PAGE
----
"Research for the purpose of the RAE is to be understood as original investigation undertaken in order to gain knowledge and understanding." Definition for 1996 research assessment exercise.
Question: Can a broadcast television programme ever, under this definition, be considered research? The answer ("Yes, provided that those making the judgement have the confidence in their own discipline to assert its worth and respond robustly to its critics") is more than just academic. For one question the Higher Education Funding Council is asking about the next round of assessment is whether its current definition of research should be retained.
It is a vital issue for those in media and communication studies, to be debated today at the annual meeting of the Standing Conference in Communications, Cultural and Media Studies. The health of a discipline in which Britain has a worldwide reputation will turn on the outcome of the debate.
The failure to address this issue in 1996 meant that no media or communications department that included a significant number of practitioners in its submission gained anything above a 4 rating. But that was hardly a surprise given that the panel contained no practitioners and the criteria they applied to practical work left little scope for the panel to make more flexible judgements, even if they had been minded so to do.
It is not difficult to understand why this came about. Media, cultural and communication studies has come under sustained attack over the last couple of years. Sideswipes from in and outside the academy are now common. The latest can be found in the current issue of the British Journalism Review, one of the few places where academics and media professionals have been able to engage in constructive dialogue.
In a dismal whinge about the demise of industrial correspondents, Ron Stevens (a former member of that band), voices the following neanderthal sentiments: "The media studies brigade would consider all of these men to have been woefully ill-equipped for their work I They could spell, they could write grammatically I all very elementary, perhaps, but not entirely contemptible when so many products of the media studies industry - not to mention some of their mentors - can evidently do none of these things."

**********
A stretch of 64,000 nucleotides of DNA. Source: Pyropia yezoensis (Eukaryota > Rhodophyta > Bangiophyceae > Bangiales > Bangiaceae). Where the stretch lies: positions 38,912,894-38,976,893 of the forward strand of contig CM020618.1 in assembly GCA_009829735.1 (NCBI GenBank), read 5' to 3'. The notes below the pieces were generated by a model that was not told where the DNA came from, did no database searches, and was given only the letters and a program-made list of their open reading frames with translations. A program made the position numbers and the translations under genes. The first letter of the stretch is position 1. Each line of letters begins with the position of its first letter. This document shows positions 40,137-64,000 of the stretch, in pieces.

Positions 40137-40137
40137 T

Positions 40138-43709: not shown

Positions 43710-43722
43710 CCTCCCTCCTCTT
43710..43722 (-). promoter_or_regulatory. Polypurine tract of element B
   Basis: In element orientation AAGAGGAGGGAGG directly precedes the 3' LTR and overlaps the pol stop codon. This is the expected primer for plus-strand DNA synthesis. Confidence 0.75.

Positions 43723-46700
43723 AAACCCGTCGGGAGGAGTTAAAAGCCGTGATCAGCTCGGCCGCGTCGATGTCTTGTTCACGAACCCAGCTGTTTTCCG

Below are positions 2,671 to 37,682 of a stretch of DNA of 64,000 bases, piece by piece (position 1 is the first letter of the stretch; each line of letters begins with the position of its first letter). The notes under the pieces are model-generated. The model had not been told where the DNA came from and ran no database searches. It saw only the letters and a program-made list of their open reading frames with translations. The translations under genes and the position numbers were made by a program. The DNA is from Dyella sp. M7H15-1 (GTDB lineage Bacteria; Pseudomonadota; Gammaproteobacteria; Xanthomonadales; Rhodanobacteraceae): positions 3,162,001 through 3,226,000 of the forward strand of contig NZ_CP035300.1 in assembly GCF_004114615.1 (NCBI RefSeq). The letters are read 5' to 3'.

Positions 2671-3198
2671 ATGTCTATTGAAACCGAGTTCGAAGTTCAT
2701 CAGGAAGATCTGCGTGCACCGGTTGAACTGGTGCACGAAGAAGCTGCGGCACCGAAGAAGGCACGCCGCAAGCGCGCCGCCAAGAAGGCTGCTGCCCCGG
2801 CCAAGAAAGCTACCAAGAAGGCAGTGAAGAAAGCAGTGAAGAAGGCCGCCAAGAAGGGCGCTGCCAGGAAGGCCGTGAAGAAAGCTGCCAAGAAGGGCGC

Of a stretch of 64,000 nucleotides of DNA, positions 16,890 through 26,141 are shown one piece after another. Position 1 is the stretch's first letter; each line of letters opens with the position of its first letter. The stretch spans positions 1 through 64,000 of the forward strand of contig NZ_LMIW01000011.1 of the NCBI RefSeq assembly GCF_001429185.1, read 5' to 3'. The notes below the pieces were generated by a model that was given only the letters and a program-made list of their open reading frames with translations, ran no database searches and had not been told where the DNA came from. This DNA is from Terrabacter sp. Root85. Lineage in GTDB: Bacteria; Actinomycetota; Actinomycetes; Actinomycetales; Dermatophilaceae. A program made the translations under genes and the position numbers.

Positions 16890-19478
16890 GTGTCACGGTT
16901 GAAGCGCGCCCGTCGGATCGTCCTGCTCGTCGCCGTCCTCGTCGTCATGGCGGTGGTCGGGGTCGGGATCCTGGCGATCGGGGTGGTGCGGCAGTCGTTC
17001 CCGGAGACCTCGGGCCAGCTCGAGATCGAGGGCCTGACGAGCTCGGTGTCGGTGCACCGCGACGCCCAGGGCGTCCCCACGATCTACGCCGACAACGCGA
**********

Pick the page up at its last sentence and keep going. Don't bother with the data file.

Such bone-headed criticisms would be unimportant were it not for the fact that they are implicitly sustained by the media studies brigade itself. Some media theorists seek to shore up their professional standing by distancing themselves from colleagues who teach media production.
Should the conservative mood continue, the discipline will be doing itself a grave disservice. For the logical response to the existing narrow definition of "research" is for universities to ensure that either they engage only practitioners who are working in experimental fields (whose work might just come within the current definition of research), and thus cut themselves off from mainstream practitioners, or to engage mainstream practitioners, on part-time or temporary contracts, thus avoiding having to put them through the research assessment exercise.
The consequence of that will be a marked decline in the quality of practitioners prepared to engage with the academy and an undermining of the significance of practice in the eyes of the students, the university and society at large.
That is a sure recipe for the attacks on the discipline to continue. For while senior practitioners, including former editors of national newspapers, radio and television programmes, are prepared to cross the boundary from industry to academia, that process will cease if they perceive that their potential standing will be low.
Let me declare an interest. I am an unapologetic practitioner (although I do teach a theory course and have even been known to write books) but when it comes to being assessed on the quality of my output I want to be judged on what I do best, and for what I am paid to teach - television journalism. But under the current criteria that is impossible.
At Goldsmiths we believe that combining the study of the media with practical media work is right. The discipline must have the confidence to insist that "research" for its practitioners is defined, as it is for creative academics in fields such as music and the visual arts, by reference to where work has been exhibited, transmitted or published and by looking at critical reviews. What it should not be doing, as it did in 1996, is to try to force creative work into inappropriate research straitjackets.
The prejudice against media, communications and cultural studies is similar to that which existed 30 years ago against sociology. It would be an enormous pity if such prejudices were to be stoked up by those inside media studies. Media theorists need the support of their practical colleagues for they are the discipline's best link with the industry they purport to study - downgrade them and there exists the very real risk of media, cultural and communication studies being confined to academic backwaters.
Ivor Gaber is professor of broadcast journalism at Goldsmiths, University of London.